If the company had written off an unusually large receivable near the end of the year, the average receivables would decrease, and the ratio would be higher.

The aging of receivables would not change the average receivables calculation.

29

A client’s lawyer is unable to form a conclusion about the likelihood of an unfavorable outcome of pending litigation because of inherent uncertainties. If the litigation’s effect on the client’s financial statements could be material, the auditor most likely would:

A.
issue a qualified opinion in the auditor’s report because of the lawyer’s scope limitation.

B.
withdraw from the engagement because of the lack of information furnished by the lawyer.

C.
disclaim an opinion on the financial statements because of the materiality of the litigation’s effect.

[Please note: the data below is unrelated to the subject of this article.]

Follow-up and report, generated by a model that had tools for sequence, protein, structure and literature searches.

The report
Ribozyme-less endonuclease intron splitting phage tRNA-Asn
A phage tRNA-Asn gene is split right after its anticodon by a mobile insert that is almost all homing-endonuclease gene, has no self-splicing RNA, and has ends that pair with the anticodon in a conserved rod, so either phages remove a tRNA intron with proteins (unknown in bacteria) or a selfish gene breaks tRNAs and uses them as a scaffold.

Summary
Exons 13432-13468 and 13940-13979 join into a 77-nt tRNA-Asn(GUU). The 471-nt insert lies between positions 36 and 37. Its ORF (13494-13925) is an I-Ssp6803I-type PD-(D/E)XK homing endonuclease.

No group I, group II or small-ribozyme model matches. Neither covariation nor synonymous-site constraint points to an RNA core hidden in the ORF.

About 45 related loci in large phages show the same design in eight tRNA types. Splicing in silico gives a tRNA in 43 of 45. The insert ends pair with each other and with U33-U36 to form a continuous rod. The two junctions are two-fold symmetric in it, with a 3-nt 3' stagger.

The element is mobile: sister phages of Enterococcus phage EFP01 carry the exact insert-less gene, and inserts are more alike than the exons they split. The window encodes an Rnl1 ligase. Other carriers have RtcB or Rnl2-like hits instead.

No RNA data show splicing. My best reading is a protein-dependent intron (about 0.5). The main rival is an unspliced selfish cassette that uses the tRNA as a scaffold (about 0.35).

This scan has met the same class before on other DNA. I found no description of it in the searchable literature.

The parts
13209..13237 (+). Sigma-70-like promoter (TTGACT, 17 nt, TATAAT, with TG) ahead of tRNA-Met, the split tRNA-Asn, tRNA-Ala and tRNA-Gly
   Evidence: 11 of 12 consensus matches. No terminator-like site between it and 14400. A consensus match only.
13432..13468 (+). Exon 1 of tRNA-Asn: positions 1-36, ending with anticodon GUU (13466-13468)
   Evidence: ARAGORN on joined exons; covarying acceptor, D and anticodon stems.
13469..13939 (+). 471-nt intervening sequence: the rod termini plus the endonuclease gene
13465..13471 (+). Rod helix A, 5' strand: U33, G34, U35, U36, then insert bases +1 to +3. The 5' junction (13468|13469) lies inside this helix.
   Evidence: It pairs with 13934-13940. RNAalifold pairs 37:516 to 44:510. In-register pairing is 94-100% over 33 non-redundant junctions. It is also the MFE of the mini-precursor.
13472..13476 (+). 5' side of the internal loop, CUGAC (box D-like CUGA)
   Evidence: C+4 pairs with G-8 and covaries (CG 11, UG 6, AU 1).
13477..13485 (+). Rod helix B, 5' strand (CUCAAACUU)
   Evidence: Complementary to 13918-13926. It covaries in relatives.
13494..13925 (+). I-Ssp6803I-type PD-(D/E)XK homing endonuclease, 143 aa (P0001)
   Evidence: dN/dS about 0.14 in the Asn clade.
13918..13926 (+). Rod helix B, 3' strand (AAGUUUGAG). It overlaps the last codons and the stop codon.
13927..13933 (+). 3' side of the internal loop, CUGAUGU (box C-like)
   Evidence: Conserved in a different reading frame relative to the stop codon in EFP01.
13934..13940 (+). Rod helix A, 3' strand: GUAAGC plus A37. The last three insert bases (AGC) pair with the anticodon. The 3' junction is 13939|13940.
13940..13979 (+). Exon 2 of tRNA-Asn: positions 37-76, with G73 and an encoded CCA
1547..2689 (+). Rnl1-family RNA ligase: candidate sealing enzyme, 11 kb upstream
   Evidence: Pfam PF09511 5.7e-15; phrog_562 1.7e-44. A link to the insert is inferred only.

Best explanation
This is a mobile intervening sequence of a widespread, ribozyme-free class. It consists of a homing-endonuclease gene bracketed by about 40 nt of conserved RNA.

D.
add an explanatory paragraph to the auditor’s report because of the uncertainty.

You are correct, the answer is D.


If legal counsel is unable to form a conclusion with respect to litigations, claims, and assessments, the auditor may conclude that the financial statements are affected by an uncertainty concerning the outcome of a future event that cannot be reasonably estimated. If the auditor is unable to obtain sufficient appropriate audit evidence that the financial statements are free from material misstatement, the auditor is required to modify the opinion in addressing the effect, if any, of the legal counsel’s response on the auditor’s report as a result of the scope limitation.